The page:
Radio remained the dominant form of entertainment and leisure. It was popular among women and men, and people of all races. This was likely because of free listening.

Struggles of the Great Depression focused attention on poor white people, and off of rich African Americans.

Langston hughes (left) types up a poem on a typewriter. A famous painting of the Harlem Renaissance depicts the roar of the decade (center). Louis Armstrong lays a jazz piece on his trumpet (right)

The 1920's had dawned an age of the "New Negro," but the depression distracted from their success. Jazz artists continued to do well, as they performed on radios where listening was widespread, due to it being free. Americans continued their consumption of music, turning to jazz ad dance as comfort in dark times. Great literary works like those of Langston Hughes (left) were recognized, but not the center of culture in new York any longer. There was no reason to envy African american culture, because they had that the depression the hardest, and many lost all wealth to the crash.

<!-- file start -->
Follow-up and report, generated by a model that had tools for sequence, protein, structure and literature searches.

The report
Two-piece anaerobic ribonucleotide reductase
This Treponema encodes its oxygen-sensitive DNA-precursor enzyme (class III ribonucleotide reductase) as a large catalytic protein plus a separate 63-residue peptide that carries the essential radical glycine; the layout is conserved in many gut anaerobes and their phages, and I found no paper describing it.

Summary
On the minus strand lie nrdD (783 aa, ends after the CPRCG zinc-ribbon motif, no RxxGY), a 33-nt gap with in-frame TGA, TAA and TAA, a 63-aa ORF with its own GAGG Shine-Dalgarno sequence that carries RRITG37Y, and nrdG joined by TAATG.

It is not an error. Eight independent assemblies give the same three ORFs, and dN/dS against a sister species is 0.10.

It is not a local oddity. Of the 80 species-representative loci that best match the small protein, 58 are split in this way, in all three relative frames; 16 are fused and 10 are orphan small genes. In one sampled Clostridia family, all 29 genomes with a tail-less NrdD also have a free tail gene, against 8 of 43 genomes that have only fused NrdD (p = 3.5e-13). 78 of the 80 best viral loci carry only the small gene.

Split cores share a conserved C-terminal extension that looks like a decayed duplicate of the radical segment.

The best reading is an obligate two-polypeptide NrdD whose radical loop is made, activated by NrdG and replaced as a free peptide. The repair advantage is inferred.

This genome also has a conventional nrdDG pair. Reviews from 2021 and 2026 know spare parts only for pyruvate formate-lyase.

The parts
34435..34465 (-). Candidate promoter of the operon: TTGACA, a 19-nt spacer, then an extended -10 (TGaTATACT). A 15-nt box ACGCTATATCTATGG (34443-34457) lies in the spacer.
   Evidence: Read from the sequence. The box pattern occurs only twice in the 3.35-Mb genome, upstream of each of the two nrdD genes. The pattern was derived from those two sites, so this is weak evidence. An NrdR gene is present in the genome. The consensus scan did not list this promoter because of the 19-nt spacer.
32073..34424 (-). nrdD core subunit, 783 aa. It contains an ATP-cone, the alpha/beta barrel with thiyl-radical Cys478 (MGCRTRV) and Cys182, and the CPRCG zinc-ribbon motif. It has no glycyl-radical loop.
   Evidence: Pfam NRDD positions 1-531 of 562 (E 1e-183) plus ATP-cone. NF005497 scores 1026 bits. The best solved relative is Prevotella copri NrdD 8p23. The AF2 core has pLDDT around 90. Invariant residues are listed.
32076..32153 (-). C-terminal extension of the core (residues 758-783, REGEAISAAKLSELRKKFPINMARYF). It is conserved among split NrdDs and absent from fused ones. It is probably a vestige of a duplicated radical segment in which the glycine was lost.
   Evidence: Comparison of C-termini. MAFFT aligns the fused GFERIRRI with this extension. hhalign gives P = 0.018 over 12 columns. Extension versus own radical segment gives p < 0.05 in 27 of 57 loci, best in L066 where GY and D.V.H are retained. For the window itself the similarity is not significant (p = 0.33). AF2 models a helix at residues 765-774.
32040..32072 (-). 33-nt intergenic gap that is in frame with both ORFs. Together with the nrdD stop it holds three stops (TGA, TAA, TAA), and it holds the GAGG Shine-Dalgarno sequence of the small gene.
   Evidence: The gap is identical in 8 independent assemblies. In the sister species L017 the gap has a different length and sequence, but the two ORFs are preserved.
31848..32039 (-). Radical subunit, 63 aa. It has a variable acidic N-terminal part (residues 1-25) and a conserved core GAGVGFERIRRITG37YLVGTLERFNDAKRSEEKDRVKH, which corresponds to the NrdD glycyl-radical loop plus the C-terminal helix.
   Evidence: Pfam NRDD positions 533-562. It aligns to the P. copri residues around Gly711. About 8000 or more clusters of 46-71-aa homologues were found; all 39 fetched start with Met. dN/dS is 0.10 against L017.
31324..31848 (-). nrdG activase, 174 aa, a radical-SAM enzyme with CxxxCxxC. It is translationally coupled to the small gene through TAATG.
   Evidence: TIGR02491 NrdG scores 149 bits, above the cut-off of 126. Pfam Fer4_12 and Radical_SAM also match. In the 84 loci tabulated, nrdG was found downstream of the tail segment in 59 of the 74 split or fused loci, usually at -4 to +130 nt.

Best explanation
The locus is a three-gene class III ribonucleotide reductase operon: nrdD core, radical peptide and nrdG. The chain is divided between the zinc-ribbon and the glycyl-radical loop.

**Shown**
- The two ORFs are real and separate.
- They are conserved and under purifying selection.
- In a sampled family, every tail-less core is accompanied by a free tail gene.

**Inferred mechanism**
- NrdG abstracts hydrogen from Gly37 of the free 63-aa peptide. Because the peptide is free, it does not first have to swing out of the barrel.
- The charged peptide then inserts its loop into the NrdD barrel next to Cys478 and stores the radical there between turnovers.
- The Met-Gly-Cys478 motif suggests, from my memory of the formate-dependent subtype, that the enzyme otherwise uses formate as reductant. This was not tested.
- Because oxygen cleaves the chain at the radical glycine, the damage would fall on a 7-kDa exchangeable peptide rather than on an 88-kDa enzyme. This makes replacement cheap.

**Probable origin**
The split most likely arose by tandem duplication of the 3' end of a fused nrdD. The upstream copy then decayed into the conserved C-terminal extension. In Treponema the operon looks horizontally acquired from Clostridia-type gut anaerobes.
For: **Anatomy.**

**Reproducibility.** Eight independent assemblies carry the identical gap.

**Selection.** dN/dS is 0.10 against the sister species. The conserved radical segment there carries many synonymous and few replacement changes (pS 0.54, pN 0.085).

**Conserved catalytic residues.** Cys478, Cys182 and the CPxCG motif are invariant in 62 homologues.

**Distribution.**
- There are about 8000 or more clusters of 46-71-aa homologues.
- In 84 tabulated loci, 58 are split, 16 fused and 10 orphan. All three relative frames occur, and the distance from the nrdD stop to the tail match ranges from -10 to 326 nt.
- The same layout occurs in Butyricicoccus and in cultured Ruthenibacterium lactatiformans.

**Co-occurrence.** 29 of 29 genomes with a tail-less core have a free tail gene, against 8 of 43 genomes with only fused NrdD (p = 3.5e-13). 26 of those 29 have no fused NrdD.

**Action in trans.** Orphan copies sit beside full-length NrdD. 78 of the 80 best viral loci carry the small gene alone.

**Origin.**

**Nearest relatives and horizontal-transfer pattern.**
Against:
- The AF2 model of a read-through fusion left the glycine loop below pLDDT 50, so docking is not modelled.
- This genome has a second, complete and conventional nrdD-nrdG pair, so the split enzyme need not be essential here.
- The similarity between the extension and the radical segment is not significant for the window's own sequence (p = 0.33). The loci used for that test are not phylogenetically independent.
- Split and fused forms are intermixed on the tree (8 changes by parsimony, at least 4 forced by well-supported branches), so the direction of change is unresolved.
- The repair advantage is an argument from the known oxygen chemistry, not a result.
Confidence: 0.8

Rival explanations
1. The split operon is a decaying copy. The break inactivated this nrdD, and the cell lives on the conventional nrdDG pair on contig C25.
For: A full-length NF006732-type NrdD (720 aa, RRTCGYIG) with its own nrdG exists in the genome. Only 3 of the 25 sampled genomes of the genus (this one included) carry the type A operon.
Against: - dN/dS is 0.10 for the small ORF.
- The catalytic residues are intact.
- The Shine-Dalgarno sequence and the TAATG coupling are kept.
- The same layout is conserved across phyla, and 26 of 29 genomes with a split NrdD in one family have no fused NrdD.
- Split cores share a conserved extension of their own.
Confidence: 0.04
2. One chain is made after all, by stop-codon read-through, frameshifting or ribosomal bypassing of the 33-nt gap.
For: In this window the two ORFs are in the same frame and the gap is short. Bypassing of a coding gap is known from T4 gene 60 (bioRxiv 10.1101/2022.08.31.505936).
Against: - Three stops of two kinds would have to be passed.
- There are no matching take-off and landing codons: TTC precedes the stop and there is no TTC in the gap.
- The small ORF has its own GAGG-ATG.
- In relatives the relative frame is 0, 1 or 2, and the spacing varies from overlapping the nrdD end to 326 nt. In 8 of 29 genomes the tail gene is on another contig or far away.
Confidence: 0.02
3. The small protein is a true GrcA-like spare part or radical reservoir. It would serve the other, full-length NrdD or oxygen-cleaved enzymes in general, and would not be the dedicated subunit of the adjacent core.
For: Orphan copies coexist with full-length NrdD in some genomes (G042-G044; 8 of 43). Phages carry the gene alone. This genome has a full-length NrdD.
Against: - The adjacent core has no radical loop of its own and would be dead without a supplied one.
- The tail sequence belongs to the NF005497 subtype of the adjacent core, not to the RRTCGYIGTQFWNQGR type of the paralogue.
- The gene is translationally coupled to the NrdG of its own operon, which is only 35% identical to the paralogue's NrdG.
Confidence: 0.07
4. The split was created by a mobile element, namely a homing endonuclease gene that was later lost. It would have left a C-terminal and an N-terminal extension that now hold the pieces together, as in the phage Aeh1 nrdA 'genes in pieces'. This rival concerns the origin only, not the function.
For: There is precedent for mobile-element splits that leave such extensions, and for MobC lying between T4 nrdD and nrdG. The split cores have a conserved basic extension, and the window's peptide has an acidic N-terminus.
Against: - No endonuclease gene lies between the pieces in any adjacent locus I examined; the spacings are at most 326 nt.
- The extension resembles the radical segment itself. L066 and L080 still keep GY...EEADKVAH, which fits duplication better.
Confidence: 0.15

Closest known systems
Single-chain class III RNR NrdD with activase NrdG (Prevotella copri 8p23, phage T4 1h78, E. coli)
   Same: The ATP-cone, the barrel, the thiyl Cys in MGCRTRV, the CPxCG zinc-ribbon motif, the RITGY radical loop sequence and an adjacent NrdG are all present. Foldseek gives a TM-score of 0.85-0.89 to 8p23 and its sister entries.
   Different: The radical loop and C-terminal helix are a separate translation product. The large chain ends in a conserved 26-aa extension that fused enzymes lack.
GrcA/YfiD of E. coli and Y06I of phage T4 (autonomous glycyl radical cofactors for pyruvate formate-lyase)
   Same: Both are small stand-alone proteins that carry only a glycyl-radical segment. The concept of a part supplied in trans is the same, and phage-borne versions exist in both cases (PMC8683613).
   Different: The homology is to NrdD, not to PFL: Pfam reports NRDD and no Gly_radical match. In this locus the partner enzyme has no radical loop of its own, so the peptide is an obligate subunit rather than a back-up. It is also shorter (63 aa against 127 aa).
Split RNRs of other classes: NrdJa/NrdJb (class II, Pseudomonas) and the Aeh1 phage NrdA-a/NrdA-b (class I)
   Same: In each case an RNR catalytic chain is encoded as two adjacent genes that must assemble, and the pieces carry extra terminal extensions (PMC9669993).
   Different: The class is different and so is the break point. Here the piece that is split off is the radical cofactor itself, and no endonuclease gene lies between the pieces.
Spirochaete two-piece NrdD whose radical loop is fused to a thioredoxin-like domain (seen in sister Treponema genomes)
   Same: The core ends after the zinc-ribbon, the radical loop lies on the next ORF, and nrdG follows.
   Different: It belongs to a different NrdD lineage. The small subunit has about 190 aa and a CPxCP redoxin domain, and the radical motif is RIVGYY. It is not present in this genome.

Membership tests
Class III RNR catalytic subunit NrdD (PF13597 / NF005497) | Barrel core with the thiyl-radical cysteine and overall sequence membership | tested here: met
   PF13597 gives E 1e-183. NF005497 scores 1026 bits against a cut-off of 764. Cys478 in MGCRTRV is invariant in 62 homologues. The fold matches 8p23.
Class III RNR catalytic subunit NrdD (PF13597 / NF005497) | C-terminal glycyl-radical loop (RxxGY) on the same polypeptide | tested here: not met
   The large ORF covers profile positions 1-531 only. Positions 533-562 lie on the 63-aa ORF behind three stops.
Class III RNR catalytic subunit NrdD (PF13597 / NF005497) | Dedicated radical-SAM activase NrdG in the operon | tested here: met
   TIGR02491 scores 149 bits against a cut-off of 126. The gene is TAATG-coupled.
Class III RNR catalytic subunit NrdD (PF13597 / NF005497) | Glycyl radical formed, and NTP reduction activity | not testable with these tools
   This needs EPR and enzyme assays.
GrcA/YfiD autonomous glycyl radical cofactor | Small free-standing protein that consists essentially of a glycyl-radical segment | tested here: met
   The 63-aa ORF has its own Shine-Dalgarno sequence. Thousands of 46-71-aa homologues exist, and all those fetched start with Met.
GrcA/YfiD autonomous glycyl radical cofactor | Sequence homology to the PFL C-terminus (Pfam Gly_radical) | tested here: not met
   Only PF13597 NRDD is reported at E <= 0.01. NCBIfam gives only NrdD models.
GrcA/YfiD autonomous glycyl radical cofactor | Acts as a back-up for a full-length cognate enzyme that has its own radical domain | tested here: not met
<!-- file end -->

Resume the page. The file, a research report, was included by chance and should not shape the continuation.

Economy by the numbers

A chart representing the stock market boom and sudden crash.

Roaring twenties boom

Here, men work hard putting together parts on an assembly line.